Being able to just bring the minimum that is needed for your student can help you to have an easier move-in process and can eliminate the need for your student to store items that would be redundant in their new living location. This can also make it possible for your student to start to engage with their new roommates before they live with one another.
17. Look Into Food, Shopping, and Transport
Make sure that you sit down with your student and look at local options for food, shopping, and transportation. If your student is not moving with a car, make sure that you look into subway or bus passes for your student and that you discuss if they will need a bicycle to move with them or not.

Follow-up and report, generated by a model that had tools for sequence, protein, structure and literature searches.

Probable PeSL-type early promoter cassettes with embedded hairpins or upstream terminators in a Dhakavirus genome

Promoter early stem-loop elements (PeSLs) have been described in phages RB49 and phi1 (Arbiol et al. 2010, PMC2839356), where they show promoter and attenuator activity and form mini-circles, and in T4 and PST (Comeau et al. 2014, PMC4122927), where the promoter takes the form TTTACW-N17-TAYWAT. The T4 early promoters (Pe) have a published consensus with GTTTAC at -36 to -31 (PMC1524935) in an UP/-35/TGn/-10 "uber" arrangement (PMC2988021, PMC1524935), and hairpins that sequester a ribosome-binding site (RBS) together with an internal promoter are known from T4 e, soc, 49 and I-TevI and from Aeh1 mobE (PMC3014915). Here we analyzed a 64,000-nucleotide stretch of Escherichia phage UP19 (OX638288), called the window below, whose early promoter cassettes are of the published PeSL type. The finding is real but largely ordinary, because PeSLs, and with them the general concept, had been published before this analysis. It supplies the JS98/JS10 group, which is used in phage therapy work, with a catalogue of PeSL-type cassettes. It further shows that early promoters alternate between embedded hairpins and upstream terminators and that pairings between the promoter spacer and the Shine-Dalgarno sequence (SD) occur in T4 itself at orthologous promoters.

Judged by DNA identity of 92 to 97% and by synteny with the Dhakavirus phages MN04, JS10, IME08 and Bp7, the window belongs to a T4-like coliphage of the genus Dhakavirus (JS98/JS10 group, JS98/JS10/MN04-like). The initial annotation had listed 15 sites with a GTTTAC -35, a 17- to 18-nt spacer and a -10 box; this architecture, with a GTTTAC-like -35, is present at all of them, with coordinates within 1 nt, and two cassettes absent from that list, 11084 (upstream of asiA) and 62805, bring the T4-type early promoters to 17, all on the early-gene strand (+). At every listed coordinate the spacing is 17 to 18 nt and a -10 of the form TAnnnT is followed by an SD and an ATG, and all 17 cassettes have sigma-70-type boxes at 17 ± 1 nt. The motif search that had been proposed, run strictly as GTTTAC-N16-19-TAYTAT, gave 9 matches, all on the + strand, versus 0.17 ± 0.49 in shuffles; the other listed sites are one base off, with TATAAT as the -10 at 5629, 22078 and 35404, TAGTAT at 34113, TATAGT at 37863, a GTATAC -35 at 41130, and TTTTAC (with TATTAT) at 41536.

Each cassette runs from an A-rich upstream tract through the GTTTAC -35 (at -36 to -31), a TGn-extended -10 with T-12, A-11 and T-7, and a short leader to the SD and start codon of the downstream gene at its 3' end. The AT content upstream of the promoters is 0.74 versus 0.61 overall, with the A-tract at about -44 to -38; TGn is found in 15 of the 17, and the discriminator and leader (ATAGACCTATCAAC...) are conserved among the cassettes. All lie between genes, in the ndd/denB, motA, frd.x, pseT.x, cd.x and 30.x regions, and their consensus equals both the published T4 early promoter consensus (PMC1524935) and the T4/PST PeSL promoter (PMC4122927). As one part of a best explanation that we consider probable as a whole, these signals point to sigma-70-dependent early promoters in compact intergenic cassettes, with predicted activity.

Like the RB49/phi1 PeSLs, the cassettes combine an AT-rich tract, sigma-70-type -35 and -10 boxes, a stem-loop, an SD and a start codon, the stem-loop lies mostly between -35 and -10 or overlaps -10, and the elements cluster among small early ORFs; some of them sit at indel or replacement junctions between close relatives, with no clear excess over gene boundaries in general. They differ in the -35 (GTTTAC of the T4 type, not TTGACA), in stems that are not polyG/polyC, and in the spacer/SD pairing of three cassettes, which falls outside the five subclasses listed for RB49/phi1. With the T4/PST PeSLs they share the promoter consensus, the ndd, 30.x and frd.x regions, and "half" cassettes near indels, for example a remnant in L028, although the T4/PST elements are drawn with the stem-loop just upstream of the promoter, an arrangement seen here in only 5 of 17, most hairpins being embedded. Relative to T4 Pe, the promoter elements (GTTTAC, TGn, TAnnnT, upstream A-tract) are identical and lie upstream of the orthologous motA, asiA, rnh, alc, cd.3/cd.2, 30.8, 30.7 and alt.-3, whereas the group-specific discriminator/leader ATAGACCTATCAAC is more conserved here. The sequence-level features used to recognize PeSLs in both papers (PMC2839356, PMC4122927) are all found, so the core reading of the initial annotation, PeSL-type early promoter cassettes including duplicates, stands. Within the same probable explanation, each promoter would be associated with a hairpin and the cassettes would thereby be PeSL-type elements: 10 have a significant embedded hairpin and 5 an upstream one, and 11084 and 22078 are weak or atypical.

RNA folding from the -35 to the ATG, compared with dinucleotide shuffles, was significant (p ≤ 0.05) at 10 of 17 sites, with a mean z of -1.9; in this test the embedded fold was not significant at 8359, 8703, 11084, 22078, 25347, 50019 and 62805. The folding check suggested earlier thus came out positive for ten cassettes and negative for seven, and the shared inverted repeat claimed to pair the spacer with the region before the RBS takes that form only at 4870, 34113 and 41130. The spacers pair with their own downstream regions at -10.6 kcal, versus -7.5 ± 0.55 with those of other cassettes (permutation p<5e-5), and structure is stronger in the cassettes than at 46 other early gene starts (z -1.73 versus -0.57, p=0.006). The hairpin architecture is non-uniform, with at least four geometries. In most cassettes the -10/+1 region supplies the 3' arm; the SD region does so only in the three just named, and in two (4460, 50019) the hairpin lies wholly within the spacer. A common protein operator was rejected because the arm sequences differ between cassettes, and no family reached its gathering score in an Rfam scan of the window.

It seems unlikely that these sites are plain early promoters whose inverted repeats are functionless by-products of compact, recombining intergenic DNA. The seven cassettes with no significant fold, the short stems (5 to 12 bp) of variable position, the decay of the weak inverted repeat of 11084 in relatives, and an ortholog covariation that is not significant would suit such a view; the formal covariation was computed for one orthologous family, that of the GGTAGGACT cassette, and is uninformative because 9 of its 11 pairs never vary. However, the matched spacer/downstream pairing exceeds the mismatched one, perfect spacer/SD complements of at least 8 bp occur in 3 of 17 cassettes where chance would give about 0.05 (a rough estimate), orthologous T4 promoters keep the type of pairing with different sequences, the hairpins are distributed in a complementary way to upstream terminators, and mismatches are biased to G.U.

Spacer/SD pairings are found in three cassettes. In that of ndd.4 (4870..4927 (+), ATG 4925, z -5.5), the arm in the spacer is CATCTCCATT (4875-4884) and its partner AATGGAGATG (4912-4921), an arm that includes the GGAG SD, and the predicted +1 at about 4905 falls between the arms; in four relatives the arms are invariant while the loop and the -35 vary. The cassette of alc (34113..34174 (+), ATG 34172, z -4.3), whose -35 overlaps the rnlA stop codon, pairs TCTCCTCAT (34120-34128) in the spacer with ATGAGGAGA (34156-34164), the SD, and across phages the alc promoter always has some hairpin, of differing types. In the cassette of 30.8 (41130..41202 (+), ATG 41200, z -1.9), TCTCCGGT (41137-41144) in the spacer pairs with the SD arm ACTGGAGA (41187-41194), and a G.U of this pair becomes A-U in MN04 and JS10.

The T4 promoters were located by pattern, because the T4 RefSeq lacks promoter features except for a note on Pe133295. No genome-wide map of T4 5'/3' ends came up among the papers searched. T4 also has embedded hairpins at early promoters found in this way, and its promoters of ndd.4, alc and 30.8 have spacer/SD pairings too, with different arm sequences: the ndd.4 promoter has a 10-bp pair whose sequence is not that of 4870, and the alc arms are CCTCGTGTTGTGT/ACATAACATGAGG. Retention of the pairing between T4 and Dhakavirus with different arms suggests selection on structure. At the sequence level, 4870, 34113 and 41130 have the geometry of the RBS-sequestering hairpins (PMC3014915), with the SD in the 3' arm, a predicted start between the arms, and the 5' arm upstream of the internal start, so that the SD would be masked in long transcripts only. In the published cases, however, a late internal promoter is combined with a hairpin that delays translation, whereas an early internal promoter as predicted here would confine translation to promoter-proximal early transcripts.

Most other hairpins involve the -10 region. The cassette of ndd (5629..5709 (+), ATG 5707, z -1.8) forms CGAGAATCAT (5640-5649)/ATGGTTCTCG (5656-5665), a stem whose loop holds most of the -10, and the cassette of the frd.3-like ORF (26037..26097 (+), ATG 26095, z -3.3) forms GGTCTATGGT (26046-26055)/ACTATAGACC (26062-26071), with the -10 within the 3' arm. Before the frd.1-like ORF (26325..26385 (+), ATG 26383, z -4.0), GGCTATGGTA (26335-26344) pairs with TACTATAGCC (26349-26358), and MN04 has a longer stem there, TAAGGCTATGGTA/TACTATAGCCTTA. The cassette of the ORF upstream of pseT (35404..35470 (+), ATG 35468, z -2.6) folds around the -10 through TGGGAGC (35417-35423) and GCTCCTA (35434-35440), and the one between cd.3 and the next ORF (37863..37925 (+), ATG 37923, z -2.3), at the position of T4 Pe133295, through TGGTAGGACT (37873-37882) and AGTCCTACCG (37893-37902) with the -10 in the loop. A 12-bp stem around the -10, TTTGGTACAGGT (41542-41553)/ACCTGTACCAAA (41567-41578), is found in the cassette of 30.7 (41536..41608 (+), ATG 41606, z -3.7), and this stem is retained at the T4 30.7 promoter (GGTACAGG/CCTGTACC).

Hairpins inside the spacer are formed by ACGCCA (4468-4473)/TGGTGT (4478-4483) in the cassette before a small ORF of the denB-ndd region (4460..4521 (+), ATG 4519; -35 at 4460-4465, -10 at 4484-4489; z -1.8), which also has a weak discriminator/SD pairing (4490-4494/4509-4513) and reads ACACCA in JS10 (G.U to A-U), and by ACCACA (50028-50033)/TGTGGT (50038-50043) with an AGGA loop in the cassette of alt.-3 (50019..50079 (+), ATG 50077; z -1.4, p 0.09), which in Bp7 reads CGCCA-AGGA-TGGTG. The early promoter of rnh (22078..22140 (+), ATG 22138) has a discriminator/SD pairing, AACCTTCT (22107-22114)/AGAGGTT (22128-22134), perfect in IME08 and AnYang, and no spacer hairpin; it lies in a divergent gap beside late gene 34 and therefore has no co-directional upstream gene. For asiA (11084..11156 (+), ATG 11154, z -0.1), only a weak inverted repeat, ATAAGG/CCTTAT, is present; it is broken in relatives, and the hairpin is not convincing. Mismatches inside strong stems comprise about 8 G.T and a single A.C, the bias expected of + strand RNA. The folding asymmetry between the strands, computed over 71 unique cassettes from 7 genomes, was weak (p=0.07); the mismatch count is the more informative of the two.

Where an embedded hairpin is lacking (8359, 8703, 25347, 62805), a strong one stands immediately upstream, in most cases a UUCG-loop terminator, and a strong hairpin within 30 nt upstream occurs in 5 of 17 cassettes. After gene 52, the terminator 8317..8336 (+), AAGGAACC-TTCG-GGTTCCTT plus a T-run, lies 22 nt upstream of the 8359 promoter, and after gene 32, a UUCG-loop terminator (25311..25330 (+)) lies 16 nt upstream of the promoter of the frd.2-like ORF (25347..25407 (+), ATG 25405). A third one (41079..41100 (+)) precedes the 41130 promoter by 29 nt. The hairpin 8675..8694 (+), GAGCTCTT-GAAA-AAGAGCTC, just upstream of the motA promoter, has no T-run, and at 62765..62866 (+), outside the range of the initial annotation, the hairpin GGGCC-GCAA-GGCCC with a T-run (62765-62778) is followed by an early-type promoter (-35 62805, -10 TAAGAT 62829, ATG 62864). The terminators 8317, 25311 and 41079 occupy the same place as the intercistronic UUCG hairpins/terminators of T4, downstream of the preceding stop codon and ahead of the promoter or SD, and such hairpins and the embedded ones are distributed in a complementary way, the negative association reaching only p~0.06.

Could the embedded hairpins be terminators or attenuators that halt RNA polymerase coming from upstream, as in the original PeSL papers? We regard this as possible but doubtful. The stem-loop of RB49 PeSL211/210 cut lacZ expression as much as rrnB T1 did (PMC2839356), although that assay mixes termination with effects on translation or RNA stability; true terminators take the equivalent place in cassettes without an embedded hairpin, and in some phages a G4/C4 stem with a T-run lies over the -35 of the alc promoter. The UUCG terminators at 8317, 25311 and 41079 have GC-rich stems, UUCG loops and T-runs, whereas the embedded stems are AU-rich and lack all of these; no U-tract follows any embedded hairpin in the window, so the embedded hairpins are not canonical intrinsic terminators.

It can be bewildering for students who have never lived on their own to figure out shopping, buying groceries, and getting places, but you can help them to feel more comfortable if you talk about this information before they are living alone. Most campuses have a lot of available support for new students related to this process, but planning in advance can help your student to feel more comfortable.
18. Make Sure To Attend Orientation
Orientation is often mandatory, but it is also a big help for new students to learn about where student health is, to help them to navigate campus and it’s a good chance for them to ask questions they might have about living on campus.
Orientation is often held more than once throughout the move-in process and you will want to be sure that your student is present for one of these orientation meetings. It can be a big hindrance to the acclimation process for your student to miss this part of the move-in process.
19. Eating Arrangements